The professional services sector in Cyprus is expected to remain on a steady course of growth in 2017 despite increased regulatory demands, says Christos Evagorou.
Parker Randall International (PRI) is a UK-based worldwide organisation of independent professional firms and businesses, as well as legal, management and IT advisers, represented in more than 50 countries by more than 100 offices and a 2,000-strong staff. PRI members are selected based on exacting requirements for size, reputation, quality of practice, diverse technical capabilities and geographic location. Parker Randall Cyprus is the local member firm of Parker Randall International and it holds operations in two locations in Cyprus, through its Nicosia Head office and Larnaca.
Could you give a brief overview of your core business and key markets?
We are predominately an audit and accountancy firm, but our capabilities and capacity extend far beyond these and into the provision of advisory services, corporate finance consultancy, and international tax consultancy to name just a few. We have recently established a unit within our firm that undertakes projects in business turnaround and debt restructuring, and we have had significant results thus far. Our client portfolio is quite diverse, but significant expertise has been accumulated in wholesale, retail, manufacturing and shipping operations both locally and internationally. Our portfolio comprises of about 65% local clients and 35% international clients from countries or areas such as the UK, Middle East, Greece and many others.
What can your portfolio in retail and manufacturing say about the current performance of these sectors?
Consumption is on the rise and is creating a positive impact on retail. This is partly due to a small element of a rise in prices resulting from an increase in operations. Large retailers are showing growing interest in establishing operations in Cyprus, such as the Swedish retail giant H&M for example, who set up its first store on the island in Nicosia in 2016. By definition, wholesale follows suit and numbers are encouraging. As regards manufacturing, we have seen a drop since 2013, but the current tendency goes towards stability, with the main concern being to maintain ongoing operations and becoming leaner.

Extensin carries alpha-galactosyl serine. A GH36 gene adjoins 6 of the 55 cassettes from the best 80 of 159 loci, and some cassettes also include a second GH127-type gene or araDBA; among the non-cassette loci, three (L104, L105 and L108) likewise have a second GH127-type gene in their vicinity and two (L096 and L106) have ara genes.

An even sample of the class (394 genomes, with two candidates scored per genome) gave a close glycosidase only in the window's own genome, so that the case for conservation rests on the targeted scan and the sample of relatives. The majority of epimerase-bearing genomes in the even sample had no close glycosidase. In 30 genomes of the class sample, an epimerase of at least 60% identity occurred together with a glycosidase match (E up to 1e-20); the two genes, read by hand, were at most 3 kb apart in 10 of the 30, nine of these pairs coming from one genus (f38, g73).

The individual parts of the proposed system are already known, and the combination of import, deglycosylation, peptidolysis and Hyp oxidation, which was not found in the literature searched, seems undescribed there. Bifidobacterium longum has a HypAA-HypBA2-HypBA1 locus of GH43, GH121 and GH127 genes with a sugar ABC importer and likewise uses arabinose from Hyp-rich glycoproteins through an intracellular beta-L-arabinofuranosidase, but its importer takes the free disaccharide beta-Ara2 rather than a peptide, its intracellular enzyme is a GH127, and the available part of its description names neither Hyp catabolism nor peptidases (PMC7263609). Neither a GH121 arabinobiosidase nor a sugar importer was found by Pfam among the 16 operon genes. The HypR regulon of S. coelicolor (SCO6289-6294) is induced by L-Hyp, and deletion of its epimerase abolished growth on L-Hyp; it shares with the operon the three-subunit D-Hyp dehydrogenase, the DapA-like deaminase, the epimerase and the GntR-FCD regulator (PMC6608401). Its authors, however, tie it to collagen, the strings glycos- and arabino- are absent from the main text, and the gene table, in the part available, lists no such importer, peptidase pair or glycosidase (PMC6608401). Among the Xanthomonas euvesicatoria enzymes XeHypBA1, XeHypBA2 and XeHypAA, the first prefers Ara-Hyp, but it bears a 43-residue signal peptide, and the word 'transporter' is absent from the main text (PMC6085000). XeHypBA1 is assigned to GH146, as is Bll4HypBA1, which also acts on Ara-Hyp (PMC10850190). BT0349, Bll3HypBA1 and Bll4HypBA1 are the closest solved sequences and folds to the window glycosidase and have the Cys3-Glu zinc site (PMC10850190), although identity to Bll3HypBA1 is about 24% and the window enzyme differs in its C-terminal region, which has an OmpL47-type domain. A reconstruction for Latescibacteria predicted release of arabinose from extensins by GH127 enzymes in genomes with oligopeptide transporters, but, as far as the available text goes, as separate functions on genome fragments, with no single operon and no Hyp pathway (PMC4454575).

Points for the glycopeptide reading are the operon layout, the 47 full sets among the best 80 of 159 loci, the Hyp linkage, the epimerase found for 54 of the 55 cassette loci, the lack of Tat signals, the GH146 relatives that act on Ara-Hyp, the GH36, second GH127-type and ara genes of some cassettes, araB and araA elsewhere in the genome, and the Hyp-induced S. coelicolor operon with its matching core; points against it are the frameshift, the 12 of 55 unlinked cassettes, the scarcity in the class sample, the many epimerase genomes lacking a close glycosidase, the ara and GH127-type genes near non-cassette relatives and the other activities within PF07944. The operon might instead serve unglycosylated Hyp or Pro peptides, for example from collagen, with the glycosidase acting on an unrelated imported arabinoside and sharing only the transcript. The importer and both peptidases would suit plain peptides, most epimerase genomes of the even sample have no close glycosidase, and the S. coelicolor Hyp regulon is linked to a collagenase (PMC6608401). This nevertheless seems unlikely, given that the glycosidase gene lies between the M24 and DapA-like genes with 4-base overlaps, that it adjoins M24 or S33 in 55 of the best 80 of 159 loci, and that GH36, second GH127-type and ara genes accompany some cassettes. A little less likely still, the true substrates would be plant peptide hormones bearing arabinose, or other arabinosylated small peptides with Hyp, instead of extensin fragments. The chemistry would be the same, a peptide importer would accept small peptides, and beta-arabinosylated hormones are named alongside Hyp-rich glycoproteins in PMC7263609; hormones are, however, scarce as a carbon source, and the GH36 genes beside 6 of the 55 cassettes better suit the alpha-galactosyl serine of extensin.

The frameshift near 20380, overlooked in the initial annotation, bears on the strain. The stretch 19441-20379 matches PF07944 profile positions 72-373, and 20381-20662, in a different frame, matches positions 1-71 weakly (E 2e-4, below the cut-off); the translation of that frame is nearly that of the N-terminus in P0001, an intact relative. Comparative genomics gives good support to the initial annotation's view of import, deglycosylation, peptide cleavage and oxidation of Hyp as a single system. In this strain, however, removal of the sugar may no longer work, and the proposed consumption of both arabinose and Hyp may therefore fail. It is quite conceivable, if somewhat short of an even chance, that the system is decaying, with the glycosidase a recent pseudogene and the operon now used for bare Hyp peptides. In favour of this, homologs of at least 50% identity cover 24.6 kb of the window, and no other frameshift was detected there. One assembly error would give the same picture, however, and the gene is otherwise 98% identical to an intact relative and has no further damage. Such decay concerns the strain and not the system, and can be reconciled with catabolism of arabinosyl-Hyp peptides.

What sectors of Cyprus do you see providing the best opportunities for growth and investment?
There are a number of sectors that provide opportunities for investment, such as the renewable energy sector and the medical sector. However, I believe that the traditional sectors, such as the tourism and hospitality industry and the financial and professional services sector, will remain by and large the driving forces of the Cyprus economy.
The tourism industry is coming off a record-breaking 2016, which facilitated significant investment for the current year, whereas the financial and professional services sector held its ground following the 2013 crisis and is recovering at a good pace and has even exceeded expectations. These two areas are leading the way and will hopefully have a positive effect on the rest of the economy. Another sector with immense potential to significantly contribute to the economy is the maritime sector, which keeps attracting more shipping-related companies to establish in Cyprus. It will also be interesting to see the effects of the upcoming new multi-million-euro casino resort project and the recently introduced gaming industry, as expectations are indeed high.
On the other hand, and unlike general perception, I can’t see the exploitation of natural resources materialising anytime soon, as the energy industry is influenced and driven by factors beyond our country’s reach. Similarly, as a country we still have significant ground to cover in terms of start-ups and innovation, as the current business environment is not yet what it should be to encourage and promote more innovation.